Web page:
Title of the publication: Oxford Research Enciclopedia of Communication
Publisher: Oxford University Press
The lives of refugees are highly mediated. Media and technologies affect the daily experiences and trajectories of refugees in numerous ways while on the move as well as while settling into new homelands. Mediation processes also inform broader societal and political meanings that are assigned to refugees, as the figure of “the refugee” is constantly reshaped through processes of representation. Although these processes are much older, the research on refugees and mediation has accelerated especially since 2015. The literature focuses on three key areas: (a) refugees’ media uses and (dis)connectivity; (b) the role of media technologies in refugees’ everyday lives; and (c) media representations and narratives. Across these three areas, several important critiques have been formulated. These include criticisms of essentialist understandings of “the refugee” as well as Eurocentric and technocentric tendencies in the literature. A response to these criticisms might lay in a more historicized, contextualized, and situated approach to the mediated lives of refugees.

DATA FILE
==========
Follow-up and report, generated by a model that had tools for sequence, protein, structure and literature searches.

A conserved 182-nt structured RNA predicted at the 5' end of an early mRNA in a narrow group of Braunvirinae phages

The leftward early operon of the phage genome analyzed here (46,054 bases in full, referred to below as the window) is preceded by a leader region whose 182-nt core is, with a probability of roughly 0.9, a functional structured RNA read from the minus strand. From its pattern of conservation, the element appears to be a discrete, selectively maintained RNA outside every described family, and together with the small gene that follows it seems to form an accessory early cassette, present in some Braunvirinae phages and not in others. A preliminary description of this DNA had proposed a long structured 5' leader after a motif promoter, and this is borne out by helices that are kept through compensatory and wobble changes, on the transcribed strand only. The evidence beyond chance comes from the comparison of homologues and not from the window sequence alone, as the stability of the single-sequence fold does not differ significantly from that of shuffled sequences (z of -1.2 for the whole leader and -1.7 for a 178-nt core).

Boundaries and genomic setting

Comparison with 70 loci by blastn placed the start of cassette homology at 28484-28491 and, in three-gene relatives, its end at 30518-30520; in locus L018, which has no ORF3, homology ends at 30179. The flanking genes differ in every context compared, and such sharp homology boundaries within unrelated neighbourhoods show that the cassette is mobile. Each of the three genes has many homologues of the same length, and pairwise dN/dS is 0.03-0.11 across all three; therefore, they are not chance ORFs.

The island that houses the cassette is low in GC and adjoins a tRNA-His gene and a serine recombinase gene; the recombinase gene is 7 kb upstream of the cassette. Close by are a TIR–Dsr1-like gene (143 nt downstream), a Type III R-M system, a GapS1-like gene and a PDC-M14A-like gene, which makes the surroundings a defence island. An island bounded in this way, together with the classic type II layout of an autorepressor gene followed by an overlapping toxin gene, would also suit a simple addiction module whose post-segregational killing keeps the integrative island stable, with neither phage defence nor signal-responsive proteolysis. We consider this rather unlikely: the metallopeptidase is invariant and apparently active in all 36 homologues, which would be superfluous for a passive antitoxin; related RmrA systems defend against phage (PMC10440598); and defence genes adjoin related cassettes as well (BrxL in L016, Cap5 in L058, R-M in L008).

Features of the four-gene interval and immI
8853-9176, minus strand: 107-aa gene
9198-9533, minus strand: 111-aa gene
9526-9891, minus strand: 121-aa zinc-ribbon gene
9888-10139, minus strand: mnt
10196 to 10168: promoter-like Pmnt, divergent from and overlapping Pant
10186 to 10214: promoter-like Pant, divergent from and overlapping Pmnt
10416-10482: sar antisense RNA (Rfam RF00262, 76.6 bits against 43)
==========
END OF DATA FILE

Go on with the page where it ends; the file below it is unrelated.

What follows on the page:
Title of the publication: Perceptions as drivers of residential mobility: A resonance analysis
Cities, Volume 129, October 2022, 103819
Publisher: Science Direct
Studies that analyse people's perceptions of their living environment as an explanatory factor for residential mobility are scarce at best. The study presented in this article addresses this deficit by investigating how people's perceptions of cities as living environments influence their relocation behaviour within metropolitan areas. After gathering information on relocation behaviour from 1,056 survey respondents in the Brussels Capital Region, we analysed the data using our self-developed ‘resonance analysis’ methodology. Our findings indicate that the variability of residential mobility is greatly influenced by people's perceptions of the city. They also demonstrate the ways in which qualitative data on people's perceptions and subjective experiences can be combined with quantitative data to improve statistical predictions of relocation behaviour.